Verdict: Byrne It. After the cancellation of Hawkeye and Mockingbird, I was really hoping that this brief miniseries could continue my enjoyment of Jim McCann and David Lopez’s take on those fantastic characters. Unfortunately, this issue really falls short of my expectations. There are certainly things to like and the mystery behind the new Ronin is intriguing; unfortunately, the issues really overwhelm this book’s strengths and hindered my enjoyment of it.
Written by Matt Fraction
Art by Pasqual Ferry and Matt Hollingsworth
Letters by John Workman
Cover by Pasqual Ferry and Matt Hollingsworth
• The refugees of the other Tree of Life worlds come to Earth in search of Asgardian aid as they seek shelter from the invaders of the 10th World in this week’s Thor, which also features the return of a major player in the franchise.
• A lot of what Matt Fraction had been building over the last few issues is finally coming to fruition. There are a lot of great concepts at play here. I really dug the twist of the refugees stampeding towards Asgard not as invaders, as hinted last issue, but as refugees.
• Odin really comes across like a badass here, doesn’t he? That adds some fun mystery to his return. Will he be a tyrant or a savior? How will he react to his ruined kingdom?
• The story still screams to be read in trade. There are great ideas and great concepts here, but its too grandiose to be effective in monthly form.
• The art is good, but simply isn’t the right fit for this series. Pasqual Ferry is incredibly talented and one of my favorite artists, but he is out of his element.
• The coloring of Matt Hollingsworth doesn’t do him justice at all. The water color style is interesting and a neat fit for the fantastic elements of the issue, but it muddies up Ferry’s line work and detracts from his designs. It’s the right coloring for the wrong artist.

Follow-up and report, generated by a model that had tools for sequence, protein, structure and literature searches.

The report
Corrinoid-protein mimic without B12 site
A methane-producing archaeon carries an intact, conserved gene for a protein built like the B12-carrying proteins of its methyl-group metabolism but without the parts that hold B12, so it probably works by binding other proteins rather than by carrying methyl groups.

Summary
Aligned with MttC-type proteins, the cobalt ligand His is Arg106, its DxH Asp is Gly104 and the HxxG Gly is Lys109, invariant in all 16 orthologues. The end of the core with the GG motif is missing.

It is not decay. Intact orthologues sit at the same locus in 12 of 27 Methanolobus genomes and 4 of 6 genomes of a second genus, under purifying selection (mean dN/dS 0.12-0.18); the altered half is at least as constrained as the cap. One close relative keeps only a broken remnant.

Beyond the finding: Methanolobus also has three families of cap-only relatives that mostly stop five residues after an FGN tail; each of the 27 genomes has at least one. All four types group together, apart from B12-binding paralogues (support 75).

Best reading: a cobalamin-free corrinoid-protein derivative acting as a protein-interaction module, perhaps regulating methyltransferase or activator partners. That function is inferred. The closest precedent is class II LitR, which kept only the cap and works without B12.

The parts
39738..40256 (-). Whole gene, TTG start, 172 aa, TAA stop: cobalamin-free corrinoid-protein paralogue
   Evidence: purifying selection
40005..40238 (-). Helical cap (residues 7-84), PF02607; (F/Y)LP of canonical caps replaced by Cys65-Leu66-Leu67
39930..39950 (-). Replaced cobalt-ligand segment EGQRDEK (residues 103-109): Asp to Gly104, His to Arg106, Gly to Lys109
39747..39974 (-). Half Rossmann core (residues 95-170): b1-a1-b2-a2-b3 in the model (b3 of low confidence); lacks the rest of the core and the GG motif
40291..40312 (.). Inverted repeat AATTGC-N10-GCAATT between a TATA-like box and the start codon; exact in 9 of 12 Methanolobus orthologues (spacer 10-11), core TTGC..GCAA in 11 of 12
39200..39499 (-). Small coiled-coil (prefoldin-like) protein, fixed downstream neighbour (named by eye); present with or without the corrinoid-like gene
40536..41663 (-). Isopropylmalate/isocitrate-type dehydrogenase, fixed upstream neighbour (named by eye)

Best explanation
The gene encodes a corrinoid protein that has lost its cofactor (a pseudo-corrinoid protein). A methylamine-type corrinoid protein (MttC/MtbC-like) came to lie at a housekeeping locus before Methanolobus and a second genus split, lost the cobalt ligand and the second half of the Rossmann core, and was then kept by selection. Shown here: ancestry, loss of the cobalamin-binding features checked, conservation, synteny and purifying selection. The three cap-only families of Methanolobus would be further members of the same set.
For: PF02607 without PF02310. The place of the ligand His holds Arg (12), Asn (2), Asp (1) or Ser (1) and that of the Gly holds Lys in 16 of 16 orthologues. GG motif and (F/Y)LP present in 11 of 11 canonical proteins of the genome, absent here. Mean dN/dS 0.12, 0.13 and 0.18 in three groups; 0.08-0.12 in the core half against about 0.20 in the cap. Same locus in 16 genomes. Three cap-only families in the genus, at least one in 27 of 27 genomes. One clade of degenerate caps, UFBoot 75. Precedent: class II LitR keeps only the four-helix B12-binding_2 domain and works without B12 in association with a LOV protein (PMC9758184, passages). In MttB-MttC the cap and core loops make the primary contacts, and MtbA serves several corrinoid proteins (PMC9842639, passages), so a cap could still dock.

• Of course, it doesn’t help that Ferry’s level of detail is too inconsistent. Some pages are full of minutiae while others look practically unfinished.
Verdict: Check It. I hate giving this a Check It verdict, because I am really enjoying the story and the creators are clearly putting a tremendous amount of effort into making this an epic storyline. Unfortunately, it seemly doesn’t work in a serialized form. I can almost guarantee that this comic would be a Buy It if I were reviewing the storyline as a whole in trade format. As a single issue, though, it’s not working. Plus, I’m just not happy with the output from Ferry. This is a step down for him and a far cry from some of his strong works (like my personal favorite, his adaption of Ender’s Game for Marvel).
Written by Geoff Johns
Art by Scott Kolins and Brian Buccellato
Letters by Sal Cipriano
Cover by Francis Manapul and Brian Buccellato
• This week’s issue of the Flash is almost completely Flash-less, instead focusing on Captain Boomerang with an expanded origin story being recounted as he searches for answers on his fate from one of Flash’s most notorious villains.
• Geoff Johns does some interesting things with Boomerang as he tries to humanize the villain, but eventually falls back on tired villain clichés of broken homes and abusive father figures. The big picture is nothing we haven’t already seen before.
• I like the idea of Boomerang searching for a purpose as his main motivation, even though he knows that everything might backfire. It definitely makes him one of the more interesting villains in the DCU.
• The more present day stuff doesn’t work as well for me, but a big part of that is the fact that I’m not reading Brightest Day. This certainly could be more accessible to all readers.
• I’m surprised that nothing is mentioned of the second Captain Boomerang, Owen, in this issue. I’ve always found him to be an interesting character and I think there is ample opportunity to bring reference to him in this story.
• Scott Kolins and colorist Brian Buccellato use multiple styles throughout this issue depending on the scene, showing a good amount of range from both artists.
• The art is really stiff, though, and suffers from a lot of consistency problems, especially in regards to how Kolins draws the characters’ hair and faces.
• There is a very dramatic shift in the art during the last present day sequence, which doesn’t match the other present day scenes. It’s really jarring and doesn’t really serve a purpose.